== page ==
In an ideal world, we’d all live in perfect harmony with our neighbours. In reality though, tensions can build between property owners over a whole range of issues, leading to arguments and in some cases legal action.
Here are three examples of common neighbour disputes, along with suggestions on how to resolve these problems.
One issue that can really get homeowners hot under the collar is confusion concerning boundaries.
If people think they are being duped out of land that rightfully belongs to them, they can quickly lose their patience. Ideally, any boundary issues should be picked up by solicitors during the conveyancing process, but sometimes problems can go undetected.
The key to resolving these matters is to get legal advice as soon as possible. As solicitors www.thelawhouse.com state, many property disputes occur because the parties involved are not clear over their rights and obligations.
By getting specialist advice, you can avoid any confusion and ensure your rights are safeguarded. Chartered land surveyors or surveyors specialising in boundary disputes could be your first port of call. These experts can look at the land, analyze property deeds and the plans associated with them and refer to any relevant historical documents.
Once you are in full possession of the facts, you may be able to settle the disagreement with your neighbour out of court. Alternatively, you can get the court to define the boundary between your properties and use a surveyor to mark it out. To prevent further arguments, you could get this specialist to supervise any building or fencing contractors.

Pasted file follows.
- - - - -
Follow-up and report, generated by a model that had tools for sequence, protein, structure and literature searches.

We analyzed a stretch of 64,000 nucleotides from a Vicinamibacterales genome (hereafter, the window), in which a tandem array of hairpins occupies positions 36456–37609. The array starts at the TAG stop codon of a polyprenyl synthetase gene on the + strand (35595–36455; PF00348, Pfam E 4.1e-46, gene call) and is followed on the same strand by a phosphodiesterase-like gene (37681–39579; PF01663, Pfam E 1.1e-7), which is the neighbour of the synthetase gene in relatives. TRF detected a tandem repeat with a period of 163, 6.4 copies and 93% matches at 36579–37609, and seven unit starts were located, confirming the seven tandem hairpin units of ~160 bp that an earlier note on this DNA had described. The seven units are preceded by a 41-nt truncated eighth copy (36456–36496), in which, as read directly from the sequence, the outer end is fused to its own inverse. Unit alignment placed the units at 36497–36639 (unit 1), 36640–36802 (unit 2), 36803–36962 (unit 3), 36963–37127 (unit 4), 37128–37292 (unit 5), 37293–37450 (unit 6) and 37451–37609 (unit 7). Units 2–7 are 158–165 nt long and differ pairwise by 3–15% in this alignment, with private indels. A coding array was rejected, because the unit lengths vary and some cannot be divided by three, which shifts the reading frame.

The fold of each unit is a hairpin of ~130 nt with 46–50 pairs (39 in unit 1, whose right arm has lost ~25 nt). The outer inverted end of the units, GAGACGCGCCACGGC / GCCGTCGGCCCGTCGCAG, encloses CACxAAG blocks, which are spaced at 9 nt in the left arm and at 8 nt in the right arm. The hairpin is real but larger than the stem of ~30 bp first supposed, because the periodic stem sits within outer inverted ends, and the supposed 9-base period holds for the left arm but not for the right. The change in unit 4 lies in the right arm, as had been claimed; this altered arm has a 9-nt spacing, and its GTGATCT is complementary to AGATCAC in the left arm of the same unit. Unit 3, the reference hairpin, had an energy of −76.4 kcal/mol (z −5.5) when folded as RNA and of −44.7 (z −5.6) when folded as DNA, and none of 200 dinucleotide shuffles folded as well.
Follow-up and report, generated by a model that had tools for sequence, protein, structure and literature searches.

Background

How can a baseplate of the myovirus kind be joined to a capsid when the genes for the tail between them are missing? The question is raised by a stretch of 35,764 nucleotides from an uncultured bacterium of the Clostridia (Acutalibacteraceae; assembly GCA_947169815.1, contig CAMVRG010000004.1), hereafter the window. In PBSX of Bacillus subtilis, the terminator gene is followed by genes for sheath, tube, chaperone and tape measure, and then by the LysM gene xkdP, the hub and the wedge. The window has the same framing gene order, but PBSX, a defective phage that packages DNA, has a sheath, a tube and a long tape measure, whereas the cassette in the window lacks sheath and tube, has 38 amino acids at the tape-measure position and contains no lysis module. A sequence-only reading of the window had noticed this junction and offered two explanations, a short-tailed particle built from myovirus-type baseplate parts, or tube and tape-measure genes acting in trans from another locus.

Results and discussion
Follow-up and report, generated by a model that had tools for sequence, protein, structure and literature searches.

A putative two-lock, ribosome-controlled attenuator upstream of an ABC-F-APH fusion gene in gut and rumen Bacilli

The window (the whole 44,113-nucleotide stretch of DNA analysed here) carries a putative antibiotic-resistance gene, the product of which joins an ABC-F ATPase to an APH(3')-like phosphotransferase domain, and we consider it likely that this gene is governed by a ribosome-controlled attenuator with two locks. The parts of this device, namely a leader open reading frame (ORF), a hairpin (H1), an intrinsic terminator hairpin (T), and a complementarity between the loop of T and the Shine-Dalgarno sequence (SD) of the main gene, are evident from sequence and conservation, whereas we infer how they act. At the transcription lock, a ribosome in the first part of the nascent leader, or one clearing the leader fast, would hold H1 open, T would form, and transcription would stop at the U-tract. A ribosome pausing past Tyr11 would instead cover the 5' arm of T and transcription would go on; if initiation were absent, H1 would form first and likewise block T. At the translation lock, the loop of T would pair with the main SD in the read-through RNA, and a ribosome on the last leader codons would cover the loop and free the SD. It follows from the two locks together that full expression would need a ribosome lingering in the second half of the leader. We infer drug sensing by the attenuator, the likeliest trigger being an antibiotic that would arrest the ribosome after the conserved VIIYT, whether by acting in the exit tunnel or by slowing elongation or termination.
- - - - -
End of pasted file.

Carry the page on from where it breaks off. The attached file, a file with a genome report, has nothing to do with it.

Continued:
Repairs are another major source of contention. When amenities such as drains, driveways or roofs are shared between two or more homes, disagreements can break out concerning which parties are responsible for arranging and paying for maintenance and repairs. These responsibilities are usually set out in the property’s legal documents. However, this paperwork does not always provide clear evidence.
In cases like these, it is usually best to agree in advance that the costs will be shared between the owners of the relevant homes. The next stage involves getting estimates for the work required and drawing up agreements with contractors to do the work. Bear in mind that at each point where a cost is incurred, the owner initiating the repairs must have the consent of all the other parties involved.
From barking dogs to loud music, excessive noise can also be a cause of disagreements between neighbours. If you think the people living next to you are too noisy, your first course of action should be to speak to them about the issue.
If the problem persists and the culprits are tenants, try contacting their landlord. Meanwhile, regardless of whether they are owners or tenants, it’s a good idea to keep a record of the disturbances. This may prove useful if you subsequently take legal action.
You might also benefit from contacting the environmental health officer at your local council. These officers can conduct investigations and measure noise levels. If they believe there is a nuisance and they are not able to resolve the issue through discussion, they can serve a notice on the individuals involved or on the property owner. If this notice is ignored, the council can then take action to prosecute them.
Hopefully, you won’t experience problems like these with your neighbours, but if you do it’s important to know what action you can take.